Heart racing, I turn the key in the ignition and glance at my watch. 15 minutes to get to work. Thanks to a catastrophic poosplosion from one twin, requiring a shower and full outfit change; I am running behind schedule. I still have to drop my baby twins off at daycare and my older twins off at school before work. My husband has left for work already, dropping off our 4-year-old at kinder on the way.
“Have you got your lunches?” I ask my older twins, shortly before leaving; in between madly running around filling bottles for my babies and taking random gulps of almost cold coffee. A wakeful baby in the night and my fatigue is palpable, the coffee doesn’t even begin to touch it.
“Yeesss”, my older boys chant, walking at a sloth-like pace towards the car.
I drop the babies off at daycare at lightning speed, then race off to my older twins’ primary school.
“Mum?” One of my boys pipes up.
“Yes?” I reply warily.
“I think I forgot my lunch”.
Back home to retrieve the forgotten lunch box. I rush into work 5 minutes late. My heart is pounding and hands are shaking; exhaustion presses behind my eyes, dulling my thoughts and clouding my memory. It’s not even 9am and already I’m so drained I feel like I’ve done a full day’s work.
Just a typical workday…
This is a typical day in the life of a full time working mum. All mums have it tough, it’s a 24/7 job; but here I will look at the unique challenges that full time working mums face. Maybe you and your husband are both working full time, or maybe, like me you are the main breadwinner and your partner either works part time or is the stay at home parent. You could even be the superhero sole parent, working full time and doing all parenting. Whatever your family arrangement, you probably know a thing of two about the mental load.
What is the mental load?
The mental load is all the organisational work that goes on behind the scenes to keep a family running.
The mental load is heavy and chances are that you, mumma, carry most of it. Which child needs new school pants, the excursion note that needs to be signed, planning a birthday party for your kid, booking that medical appointment; the mental load is a LOT of work and the majority of this is still carried by mums. Even if the working mum is the main breadwinner and has a stay at home partner, mothers still bear the bulk of this mental load. This invisible work is exhausting and it’s not sustainable to carry it all and work full time.
While my husband, being the main stay at home parent, does more of the physical housework; I found myself carrying most of the mental load while working full time. We ended up sitting down and dividing up the mental load tasks to achieve a more balanced split. It’s important to work out a division of mental load that works for your family.
Working mums ‘mum guilt’:
That daycare note you forgot to sign, the casual day that you thought was next week but you realise, too late, is today. The requests to attend morning assemblies that you can’t make it to; all equate to mum guilt. All those little moments you want to be there for, but miss by being a working mum. Those days you sent your child to daycare, thinking they are ok only to receive the phone call that they have vomited on the carpet. Missing any number of ‘first’ moments; first steps, first words, first dance. These are the moments the mum guilt really takes over. When you can’t be there for your children in these moments you feel like you’ve failed them.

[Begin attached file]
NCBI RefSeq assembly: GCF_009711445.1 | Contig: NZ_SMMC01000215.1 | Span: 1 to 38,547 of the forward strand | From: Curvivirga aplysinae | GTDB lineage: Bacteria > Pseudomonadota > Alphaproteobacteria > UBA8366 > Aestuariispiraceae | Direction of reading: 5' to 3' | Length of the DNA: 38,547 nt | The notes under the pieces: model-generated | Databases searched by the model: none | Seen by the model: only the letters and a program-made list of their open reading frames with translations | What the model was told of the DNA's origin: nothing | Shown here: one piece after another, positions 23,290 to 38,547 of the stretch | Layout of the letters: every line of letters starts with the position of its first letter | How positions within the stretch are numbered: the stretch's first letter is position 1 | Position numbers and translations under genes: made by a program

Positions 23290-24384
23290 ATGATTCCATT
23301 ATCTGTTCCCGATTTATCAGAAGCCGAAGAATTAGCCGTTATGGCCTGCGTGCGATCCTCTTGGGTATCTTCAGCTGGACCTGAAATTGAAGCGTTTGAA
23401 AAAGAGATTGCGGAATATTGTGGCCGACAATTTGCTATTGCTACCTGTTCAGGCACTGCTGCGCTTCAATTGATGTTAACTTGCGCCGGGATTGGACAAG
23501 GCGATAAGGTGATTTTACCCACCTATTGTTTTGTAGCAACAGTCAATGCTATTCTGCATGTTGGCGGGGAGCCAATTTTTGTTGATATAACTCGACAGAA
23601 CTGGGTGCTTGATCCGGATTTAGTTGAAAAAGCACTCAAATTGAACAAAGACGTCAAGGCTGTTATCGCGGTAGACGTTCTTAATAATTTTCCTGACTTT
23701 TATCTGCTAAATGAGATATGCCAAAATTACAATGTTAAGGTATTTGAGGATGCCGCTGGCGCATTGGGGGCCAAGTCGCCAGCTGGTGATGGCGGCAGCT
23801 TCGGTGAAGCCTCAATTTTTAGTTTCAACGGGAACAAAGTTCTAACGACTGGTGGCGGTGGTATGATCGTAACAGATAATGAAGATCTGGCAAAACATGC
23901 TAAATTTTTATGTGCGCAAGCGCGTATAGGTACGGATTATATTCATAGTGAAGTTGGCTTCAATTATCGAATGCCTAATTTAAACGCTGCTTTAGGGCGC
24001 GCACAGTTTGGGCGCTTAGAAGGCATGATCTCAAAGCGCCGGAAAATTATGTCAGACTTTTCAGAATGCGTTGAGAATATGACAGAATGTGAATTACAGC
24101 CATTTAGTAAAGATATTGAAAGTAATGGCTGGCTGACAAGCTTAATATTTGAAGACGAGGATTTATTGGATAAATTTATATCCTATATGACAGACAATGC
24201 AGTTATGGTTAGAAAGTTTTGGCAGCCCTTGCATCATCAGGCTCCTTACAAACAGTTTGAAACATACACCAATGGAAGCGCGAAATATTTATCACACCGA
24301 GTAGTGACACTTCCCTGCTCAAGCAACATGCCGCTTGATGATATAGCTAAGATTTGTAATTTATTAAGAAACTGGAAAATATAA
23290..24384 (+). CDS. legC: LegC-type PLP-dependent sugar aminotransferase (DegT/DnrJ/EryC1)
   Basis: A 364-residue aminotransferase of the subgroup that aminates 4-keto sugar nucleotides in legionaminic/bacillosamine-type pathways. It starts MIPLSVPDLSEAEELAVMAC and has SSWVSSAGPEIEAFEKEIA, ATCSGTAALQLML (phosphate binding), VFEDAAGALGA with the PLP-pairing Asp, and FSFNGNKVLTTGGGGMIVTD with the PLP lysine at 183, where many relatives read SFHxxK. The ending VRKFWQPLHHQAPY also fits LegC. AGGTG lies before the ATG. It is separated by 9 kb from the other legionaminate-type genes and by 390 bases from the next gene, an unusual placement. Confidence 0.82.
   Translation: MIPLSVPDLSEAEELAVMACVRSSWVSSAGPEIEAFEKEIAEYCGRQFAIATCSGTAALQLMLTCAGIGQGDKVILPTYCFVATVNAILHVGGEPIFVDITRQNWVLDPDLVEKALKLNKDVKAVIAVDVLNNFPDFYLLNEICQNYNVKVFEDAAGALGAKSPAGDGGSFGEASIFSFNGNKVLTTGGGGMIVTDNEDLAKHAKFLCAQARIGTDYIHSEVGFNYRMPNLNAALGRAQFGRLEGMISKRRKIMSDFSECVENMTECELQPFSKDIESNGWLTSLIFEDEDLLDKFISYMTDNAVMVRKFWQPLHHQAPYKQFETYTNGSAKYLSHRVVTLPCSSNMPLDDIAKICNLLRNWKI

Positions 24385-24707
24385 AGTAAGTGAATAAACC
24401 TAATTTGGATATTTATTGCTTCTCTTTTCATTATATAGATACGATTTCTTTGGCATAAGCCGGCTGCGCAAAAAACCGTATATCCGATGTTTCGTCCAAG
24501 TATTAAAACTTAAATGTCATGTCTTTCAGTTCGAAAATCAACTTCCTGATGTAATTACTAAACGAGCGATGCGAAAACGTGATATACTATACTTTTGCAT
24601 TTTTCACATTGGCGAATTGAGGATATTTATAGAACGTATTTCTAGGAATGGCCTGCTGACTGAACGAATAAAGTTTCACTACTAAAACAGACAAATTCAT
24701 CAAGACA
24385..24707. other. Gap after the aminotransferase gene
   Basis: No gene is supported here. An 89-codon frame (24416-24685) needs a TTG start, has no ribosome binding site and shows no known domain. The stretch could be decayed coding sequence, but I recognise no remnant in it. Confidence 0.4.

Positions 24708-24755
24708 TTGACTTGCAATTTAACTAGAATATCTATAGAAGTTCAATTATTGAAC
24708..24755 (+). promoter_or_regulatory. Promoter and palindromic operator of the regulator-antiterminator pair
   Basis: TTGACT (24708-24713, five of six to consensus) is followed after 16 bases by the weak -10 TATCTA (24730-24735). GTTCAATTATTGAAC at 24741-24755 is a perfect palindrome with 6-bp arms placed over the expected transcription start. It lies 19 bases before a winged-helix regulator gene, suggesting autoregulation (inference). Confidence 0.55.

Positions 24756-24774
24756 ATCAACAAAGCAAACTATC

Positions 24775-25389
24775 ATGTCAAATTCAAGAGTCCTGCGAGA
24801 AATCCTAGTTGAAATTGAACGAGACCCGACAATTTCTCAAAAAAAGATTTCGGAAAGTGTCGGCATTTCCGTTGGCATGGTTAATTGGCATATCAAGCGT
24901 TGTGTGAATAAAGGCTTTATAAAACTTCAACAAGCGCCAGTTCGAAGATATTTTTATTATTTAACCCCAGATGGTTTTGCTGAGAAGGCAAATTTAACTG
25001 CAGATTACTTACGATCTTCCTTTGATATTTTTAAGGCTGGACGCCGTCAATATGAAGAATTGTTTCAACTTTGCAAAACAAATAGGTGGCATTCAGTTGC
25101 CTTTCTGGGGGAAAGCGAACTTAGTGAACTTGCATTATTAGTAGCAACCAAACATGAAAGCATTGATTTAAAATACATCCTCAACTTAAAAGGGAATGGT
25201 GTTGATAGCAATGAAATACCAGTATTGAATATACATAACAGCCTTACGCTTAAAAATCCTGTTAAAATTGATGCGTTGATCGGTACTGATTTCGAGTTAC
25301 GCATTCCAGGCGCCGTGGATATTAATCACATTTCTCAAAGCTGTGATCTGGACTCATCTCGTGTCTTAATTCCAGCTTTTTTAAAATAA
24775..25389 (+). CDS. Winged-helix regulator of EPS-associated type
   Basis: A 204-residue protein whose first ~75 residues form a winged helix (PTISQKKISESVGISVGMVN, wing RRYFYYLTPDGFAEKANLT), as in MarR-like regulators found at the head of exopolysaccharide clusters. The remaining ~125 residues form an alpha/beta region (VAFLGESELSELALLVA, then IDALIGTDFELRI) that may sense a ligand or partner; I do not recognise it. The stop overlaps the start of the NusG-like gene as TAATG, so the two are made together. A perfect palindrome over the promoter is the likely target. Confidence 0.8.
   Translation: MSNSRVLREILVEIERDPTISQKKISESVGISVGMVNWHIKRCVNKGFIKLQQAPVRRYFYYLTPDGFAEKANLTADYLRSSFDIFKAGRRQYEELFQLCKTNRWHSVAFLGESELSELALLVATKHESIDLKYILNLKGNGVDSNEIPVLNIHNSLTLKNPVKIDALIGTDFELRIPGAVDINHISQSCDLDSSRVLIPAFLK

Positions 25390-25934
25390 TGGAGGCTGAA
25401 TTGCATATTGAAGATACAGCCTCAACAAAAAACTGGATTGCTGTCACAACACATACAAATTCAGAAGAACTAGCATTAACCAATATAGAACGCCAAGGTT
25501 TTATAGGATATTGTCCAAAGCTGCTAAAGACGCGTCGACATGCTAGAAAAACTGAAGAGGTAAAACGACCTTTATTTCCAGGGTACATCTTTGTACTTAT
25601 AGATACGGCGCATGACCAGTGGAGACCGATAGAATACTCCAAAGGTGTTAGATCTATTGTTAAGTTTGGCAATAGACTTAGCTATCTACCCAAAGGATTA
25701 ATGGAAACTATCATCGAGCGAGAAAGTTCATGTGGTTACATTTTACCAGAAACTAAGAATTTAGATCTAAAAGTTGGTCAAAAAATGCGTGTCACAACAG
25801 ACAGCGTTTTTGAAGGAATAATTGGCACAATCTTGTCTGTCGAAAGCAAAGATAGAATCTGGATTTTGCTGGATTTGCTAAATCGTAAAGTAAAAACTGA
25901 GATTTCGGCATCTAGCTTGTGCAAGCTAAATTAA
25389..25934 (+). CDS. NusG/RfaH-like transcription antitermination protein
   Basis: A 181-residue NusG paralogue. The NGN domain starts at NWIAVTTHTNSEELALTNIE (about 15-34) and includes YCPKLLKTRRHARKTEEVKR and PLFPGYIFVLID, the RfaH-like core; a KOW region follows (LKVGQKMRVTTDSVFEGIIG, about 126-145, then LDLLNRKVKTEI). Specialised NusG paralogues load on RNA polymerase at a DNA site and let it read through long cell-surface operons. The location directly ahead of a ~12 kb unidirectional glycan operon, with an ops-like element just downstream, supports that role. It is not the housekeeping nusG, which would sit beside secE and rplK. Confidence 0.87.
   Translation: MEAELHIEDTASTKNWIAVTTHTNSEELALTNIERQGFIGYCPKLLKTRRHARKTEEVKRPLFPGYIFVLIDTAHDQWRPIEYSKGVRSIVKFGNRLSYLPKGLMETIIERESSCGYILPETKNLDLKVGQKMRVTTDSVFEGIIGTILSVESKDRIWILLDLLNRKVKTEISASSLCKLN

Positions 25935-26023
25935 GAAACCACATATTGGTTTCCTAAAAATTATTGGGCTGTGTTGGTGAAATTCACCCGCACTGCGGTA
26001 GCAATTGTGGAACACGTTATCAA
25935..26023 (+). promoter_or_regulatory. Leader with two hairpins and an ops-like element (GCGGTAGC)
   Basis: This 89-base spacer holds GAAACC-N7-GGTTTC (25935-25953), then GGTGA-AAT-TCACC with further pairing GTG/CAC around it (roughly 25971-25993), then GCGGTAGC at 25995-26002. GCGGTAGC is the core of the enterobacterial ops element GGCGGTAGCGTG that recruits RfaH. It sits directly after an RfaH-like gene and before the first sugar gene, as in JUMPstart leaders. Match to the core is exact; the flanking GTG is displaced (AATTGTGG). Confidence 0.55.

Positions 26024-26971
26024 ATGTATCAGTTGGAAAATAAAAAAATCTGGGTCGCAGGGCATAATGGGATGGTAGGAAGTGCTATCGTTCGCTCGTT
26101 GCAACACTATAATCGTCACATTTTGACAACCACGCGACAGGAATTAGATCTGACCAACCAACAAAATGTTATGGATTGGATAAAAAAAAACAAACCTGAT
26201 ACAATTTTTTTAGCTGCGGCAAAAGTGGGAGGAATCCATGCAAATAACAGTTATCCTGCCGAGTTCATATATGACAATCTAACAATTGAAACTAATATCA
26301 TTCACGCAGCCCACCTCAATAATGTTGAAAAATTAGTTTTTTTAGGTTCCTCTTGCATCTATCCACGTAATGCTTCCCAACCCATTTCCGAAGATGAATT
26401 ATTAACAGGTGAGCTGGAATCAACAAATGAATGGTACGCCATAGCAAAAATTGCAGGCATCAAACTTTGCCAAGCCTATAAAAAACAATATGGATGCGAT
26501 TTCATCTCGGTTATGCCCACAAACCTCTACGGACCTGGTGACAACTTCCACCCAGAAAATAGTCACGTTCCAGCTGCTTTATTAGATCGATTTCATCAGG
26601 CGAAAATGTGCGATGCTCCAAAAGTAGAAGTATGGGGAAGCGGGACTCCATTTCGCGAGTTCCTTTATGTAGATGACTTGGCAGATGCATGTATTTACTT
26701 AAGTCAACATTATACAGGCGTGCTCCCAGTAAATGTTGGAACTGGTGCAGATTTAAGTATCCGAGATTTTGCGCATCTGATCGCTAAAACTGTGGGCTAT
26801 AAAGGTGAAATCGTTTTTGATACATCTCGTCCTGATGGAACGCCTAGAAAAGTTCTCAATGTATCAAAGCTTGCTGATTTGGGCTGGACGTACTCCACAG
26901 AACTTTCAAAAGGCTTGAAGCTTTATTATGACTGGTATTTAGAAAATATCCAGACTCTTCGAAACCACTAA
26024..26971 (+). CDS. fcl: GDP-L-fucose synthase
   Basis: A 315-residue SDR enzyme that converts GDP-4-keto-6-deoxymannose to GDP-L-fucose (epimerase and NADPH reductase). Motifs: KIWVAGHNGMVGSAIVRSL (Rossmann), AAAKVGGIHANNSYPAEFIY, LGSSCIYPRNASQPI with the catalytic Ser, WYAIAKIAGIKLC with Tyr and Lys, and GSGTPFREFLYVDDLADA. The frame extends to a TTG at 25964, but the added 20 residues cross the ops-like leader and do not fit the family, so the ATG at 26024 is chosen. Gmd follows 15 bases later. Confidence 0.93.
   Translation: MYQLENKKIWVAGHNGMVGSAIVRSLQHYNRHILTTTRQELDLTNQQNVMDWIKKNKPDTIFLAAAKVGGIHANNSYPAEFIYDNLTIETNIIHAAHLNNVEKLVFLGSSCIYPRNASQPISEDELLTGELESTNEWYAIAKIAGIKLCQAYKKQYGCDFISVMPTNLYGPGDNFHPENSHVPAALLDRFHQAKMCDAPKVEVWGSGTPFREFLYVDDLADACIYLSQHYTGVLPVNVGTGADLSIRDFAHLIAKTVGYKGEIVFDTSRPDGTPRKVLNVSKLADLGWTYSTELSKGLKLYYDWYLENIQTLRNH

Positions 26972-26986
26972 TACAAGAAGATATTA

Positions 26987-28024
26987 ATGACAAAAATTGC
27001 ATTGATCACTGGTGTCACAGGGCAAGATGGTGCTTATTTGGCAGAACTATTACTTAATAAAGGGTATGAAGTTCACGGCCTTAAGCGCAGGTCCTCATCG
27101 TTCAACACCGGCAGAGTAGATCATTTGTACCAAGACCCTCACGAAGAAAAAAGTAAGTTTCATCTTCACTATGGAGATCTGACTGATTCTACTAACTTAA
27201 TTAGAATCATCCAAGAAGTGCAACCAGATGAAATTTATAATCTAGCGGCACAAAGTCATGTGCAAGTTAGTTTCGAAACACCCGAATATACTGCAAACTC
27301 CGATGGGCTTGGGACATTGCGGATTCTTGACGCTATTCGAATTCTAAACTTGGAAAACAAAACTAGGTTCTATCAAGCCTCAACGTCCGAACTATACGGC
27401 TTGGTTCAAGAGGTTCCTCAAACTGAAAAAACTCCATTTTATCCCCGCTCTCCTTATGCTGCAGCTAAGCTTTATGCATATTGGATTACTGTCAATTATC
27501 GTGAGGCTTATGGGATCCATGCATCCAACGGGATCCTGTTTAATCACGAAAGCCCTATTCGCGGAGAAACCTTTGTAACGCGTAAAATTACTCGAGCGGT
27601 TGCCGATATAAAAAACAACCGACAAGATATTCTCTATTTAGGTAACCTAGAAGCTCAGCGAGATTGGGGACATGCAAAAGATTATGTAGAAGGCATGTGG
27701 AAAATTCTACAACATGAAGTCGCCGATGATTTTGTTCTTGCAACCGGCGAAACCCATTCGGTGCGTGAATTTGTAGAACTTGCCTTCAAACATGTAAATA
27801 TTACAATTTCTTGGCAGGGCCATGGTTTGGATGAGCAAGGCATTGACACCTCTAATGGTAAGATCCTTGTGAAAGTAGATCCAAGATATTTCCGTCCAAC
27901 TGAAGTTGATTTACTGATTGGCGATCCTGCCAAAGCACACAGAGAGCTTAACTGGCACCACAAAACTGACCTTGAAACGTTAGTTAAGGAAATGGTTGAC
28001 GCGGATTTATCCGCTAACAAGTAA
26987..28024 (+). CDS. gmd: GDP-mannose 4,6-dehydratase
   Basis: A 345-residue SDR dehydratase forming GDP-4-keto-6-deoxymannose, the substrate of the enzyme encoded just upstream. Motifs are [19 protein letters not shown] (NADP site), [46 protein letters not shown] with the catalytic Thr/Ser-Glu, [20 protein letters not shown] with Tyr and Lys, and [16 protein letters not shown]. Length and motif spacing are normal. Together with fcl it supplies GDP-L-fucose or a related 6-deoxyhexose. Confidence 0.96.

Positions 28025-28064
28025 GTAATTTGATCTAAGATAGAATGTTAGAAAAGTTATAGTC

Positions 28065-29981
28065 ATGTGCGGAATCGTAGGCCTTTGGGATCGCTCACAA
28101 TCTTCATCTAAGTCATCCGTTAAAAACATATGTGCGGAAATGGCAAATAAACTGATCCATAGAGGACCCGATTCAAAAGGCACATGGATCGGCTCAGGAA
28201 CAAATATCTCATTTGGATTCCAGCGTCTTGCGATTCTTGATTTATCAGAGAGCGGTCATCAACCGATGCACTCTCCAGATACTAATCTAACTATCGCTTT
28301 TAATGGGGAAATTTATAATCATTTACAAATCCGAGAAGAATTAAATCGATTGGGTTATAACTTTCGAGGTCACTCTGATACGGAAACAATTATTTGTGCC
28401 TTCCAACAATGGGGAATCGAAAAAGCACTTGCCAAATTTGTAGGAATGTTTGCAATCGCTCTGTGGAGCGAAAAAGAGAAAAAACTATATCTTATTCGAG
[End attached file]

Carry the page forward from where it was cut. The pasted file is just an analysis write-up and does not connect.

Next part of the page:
Feeling like you’re underperforming at work:
On the flip side, there’s the guilt of feeling like you never do enough at work. Not being able to make morning meetings because of chaotic starts to the day and school drop offs. Having to rush off at 3.30pm to pick up your school aged kids, and bring them into meetings with you. The never ending round of carer’s days you need to take to look after sick kids. Only being able to do the bare minimum, and struggling with that. The heavy fog of exhaustion, that rarely lifts, clouds your brain and dulls your performance. Knowing that you’re not achieving like you should be, but being so tired and stretched thin that you can’t seem to lift your game. Always having to say ‘no’ to overnight work trips and other after hours work because you’ve got kids to pick up and you can’t leave all that to your partner. Feeling like a mediocre employee.
You are not alone!
I see you mumma, trying to do the impossible and feeling like you’re failing at everything. Remember; you’re actually doing an amazing job holding it all together. You might think you’re failing your kids, but you’re not. You’re putting food on the table, putting a roof over their heads, providing them with opportunities. You’re showing them what a strong, hardworking mother looks like. While you may not be the world’s best employee right now, your boss can’t doubt your commitment; to keep doing your job with so many other demands, to keep showing up every day, to keep caring about your workplace and the role that you perform. One day things will ease up at home and all the amazing skills you learned as a parent will help grow your performance at work.
Look after yourself:
Don’t feel guilty about what you can’t do at home and at work, you need to set boundaries that work for you. Maybe you can’t be there for the assemblies but you can be there for Saturday sport. Maybe you can’t do after work extra tasks, but you can run a book club at lunch times. Don’t be afraid to say no, to delegate, to say you need help with the mental load.